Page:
In their next World Cup qualifying match, U.S. men's team meets Jamaica
A MARTINEZ, HOST:
The U.S. men's national soccer team plays its next World Cup qualifying match later today. But last Friday's win over Mexico is still resonating as it was a signature victory for the U.S. team over its archrivals. But players and coaches say they're laser-focused on the game against Jamaica today. NPR's Tom Goldman reports.
TOM GOLDMAN, BYLINE: Within an hour of last Friday's win over Mexico, U.S. forward Christian Pulisic already was thinking about today.
(SOUNDBITE OF ARCHIVED RECORDING)
CHRISTIAN PULISIC: Jamaica's going to be a tough match. We know what's - you know, what they're about. We're going to get the scouting report. We're going to prepare as best we can.
GOLDMAN: Professional athletes are very skilled at returning to earth while the rest of us stay in orbit. And so it was as Pulisic calmly addressed the media gathered in Cincinnati. Many of the still orbiting crowd of 26,000 kept replaying the moment when Pulisic's goal broke a scoreless tie and swung the match America's way. He sat out several World Cup qualifiers with a badly sprained ankle. For Krista Lambert, who traveled to Cincy from West Virginia, Pulisic's performance confirmed his exalted status.
KRISTA LAMBERT: It doesn't matter how much he's injured, what has happened in the past. He's Mr. America. That's my dude. That's my dude.
GOLDMAN: Four years ago, Lambert and her husband were in Trinidad and Tobago and watched as Krista's dude wept on the field, tears of anguish as the U.S. lost to that country and failed to qualify for the World Cup for the first time since 1986.
LAMBERT: It was very embarrassing. However, I think we built on the problems that were there, and we came through.
GOLDMAN: It's been a slow process for the American men as the team has gone through head coaching changes, countless players and constant reminders. Every time the U.S. had a bad outing, critics brought up the Trinidad and Tobago debacle, and it continued in the early stages of this qualifying process. Speaking yesterday from Jamaica, head coach Gregg Berhalter said that's what makes the Mexico win significant. Beyond beating its archrival for a third straight time in the same year, the first time that's happened, the win vaulted the U.S. to the top of the regional World Cup qualifying standings, an indication, said Berhalter, that a young and talented group of American soccer players is starting to get it.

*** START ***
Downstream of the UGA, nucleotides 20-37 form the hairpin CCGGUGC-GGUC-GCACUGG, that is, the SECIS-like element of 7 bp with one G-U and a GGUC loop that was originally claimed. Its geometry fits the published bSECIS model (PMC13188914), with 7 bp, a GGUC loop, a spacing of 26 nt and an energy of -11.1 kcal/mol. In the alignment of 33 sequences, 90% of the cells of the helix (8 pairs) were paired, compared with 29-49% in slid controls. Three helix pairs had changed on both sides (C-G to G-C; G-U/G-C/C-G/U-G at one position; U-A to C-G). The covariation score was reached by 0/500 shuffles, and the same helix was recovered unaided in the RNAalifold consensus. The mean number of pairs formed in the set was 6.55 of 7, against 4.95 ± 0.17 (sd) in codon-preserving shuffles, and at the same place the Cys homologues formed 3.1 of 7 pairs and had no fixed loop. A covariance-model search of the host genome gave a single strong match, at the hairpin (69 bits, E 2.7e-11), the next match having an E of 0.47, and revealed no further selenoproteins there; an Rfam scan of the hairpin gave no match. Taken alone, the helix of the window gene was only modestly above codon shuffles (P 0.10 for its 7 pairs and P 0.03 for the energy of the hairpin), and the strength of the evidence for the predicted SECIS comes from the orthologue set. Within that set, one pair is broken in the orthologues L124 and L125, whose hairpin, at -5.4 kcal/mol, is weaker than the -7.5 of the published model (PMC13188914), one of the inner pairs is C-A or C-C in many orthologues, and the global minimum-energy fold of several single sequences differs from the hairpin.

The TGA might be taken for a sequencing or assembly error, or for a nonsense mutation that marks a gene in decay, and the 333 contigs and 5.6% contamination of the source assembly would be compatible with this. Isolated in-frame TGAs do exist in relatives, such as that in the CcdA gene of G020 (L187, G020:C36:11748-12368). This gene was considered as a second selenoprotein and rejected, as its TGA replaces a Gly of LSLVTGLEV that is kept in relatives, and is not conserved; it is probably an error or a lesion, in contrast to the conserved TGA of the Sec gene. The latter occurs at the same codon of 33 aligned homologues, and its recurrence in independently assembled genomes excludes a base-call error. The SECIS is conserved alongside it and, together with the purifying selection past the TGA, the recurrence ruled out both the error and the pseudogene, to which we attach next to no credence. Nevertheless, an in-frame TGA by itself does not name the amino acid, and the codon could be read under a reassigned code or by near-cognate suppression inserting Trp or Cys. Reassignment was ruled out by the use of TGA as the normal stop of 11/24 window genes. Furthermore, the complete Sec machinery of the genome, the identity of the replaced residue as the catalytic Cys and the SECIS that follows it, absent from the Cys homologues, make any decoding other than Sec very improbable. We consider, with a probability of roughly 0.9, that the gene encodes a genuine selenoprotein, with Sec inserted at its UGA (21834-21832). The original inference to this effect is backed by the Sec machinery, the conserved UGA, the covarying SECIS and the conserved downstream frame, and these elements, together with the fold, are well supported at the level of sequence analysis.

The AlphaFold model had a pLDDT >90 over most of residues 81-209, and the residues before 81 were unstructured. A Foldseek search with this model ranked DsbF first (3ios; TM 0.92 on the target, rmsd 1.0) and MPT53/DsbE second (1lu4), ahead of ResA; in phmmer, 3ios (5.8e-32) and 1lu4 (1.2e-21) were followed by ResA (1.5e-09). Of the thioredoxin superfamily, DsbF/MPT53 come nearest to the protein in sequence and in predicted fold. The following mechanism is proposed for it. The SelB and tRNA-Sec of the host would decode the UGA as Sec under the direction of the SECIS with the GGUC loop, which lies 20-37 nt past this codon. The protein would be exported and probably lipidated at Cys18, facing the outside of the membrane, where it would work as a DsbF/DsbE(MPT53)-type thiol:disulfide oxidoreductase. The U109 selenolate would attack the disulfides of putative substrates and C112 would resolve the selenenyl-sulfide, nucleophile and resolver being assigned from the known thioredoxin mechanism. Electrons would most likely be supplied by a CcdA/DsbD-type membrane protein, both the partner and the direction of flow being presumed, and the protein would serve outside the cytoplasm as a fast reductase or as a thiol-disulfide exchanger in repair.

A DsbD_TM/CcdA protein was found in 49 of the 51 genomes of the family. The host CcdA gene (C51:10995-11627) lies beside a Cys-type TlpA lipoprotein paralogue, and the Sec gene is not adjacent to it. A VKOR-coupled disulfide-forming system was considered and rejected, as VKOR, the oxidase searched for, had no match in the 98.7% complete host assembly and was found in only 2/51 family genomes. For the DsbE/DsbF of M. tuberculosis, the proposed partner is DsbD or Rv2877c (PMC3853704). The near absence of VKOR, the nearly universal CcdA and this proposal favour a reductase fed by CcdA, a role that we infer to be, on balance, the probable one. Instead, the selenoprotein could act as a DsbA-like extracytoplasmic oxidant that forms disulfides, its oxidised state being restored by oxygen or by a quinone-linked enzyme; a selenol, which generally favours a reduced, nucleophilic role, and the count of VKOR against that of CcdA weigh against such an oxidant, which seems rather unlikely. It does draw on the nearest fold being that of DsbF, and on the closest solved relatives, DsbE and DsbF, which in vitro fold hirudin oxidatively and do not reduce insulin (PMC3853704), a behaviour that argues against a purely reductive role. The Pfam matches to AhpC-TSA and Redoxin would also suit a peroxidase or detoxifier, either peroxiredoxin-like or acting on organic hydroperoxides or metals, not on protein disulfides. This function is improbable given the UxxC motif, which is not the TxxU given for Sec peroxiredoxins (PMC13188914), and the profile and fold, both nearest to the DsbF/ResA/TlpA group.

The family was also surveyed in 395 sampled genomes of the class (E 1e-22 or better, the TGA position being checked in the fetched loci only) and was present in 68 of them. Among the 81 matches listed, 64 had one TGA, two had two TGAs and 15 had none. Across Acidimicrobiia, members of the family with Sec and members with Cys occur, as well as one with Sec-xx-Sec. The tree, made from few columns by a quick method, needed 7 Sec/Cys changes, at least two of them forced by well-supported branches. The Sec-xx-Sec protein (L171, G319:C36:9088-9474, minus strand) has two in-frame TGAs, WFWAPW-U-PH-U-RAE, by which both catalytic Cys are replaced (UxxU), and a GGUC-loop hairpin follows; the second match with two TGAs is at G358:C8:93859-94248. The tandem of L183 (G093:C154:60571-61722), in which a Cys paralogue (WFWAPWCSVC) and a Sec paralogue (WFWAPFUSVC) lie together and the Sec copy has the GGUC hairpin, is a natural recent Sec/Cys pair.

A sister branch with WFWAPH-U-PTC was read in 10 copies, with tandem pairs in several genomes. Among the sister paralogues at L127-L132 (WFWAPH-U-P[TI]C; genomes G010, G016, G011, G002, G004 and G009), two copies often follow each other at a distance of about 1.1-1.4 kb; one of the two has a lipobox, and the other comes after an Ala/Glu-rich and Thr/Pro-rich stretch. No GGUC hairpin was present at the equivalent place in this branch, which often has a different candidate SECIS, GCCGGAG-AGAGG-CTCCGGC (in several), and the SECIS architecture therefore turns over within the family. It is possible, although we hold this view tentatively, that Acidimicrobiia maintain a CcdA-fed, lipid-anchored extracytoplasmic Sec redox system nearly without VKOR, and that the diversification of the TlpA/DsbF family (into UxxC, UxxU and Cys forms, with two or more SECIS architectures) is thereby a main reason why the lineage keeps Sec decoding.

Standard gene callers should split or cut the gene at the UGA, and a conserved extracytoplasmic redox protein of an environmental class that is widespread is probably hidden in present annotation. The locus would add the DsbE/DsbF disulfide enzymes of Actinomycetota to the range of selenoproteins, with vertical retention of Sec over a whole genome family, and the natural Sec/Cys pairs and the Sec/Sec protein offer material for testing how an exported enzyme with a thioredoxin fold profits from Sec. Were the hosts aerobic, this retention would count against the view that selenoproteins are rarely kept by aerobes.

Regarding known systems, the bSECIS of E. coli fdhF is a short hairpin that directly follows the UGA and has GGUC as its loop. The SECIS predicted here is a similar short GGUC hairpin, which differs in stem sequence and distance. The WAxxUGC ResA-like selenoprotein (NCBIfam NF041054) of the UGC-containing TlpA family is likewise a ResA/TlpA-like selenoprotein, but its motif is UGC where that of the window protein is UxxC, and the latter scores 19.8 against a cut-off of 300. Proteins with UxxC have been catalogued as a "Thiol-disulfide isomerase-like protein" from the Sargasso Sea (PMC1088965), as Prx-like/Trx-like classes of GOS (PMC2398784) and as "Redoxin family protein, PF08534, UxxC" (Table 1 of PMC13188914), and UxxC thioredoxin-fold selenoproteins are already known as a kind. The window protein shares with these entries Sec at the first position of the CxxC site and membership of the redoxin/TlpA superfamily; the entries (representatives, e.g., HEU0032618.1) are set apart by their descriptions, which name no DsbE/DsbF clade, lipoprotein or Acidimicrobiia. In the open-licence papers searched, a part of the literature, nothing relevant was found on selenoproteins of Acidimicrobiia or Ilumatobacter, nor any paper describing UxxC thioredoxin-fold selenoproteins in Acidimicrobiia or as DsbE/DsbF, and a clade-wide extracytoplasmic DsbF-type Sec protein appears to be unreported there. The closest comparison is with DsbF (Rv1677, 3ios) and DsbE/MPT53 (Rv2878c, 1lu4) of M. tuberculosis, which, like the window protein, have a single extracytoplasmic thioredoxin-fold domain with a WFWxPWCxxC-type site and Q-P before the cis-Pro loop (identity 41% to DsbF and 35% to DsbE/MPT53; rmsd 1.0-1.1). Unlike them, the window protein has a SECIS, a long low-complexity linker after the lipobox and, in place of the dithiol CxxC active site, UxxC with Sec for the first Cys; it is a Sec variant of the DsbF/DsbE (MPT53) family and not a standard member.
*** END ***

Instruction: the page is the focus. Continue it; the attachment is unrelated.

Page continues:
(SOUNDBITE OF ARCHIVED RECORDING)
GREGG BERHALTER: Absolutely, something's changed with the team. I have talked to all the time about how inexperienced we are, how young we are, and we need to gain that experience. And what I've seen is just the understanding increasing of what this is about, what these games entail, the level of competition.
GOLDMAN: Berhalter is picking his teams for each match from a deep pool of players. Thirty-four have appeared in the first seven World Cup qualifying matches, 26 of them for the first time at that level. Berhalter, a former player himself, says some play in some matches and not others depending on the opponent and what skills are needed.
BERHALTER: It's a challenge because, you know, I've been there, and it's never nice to get a phone call saying, you know, you're not part of a camp. And you think, I'm out; I'm done. And what I try to do is communicate to the guys that that's not the case. Things can change very quickly. And, you know, we consider you part of the program.
GOLDMAN: Right now it appears his array of players has bought into the one for all, all for one approach. The next maturity test comes today, a chance to follow a stirring home win with a road victory - always tough in these qualifiers - and another step toward erasing bad memories from four years ago.
Tom Goldman, NPR News.
(SOUNDBITE OF JUNGLE FIRE'S "FIREWALKER")
NPR transcripts are created on a rush deadline by Verb8tm, Inc., an NPR contractor, and produced using a proprietary transcription process developed with NPR. This text may not be in its final form and may be updated or revised in the future. Accuracy and availability may vary. The authoritative record of NPR’s programming is the audio record.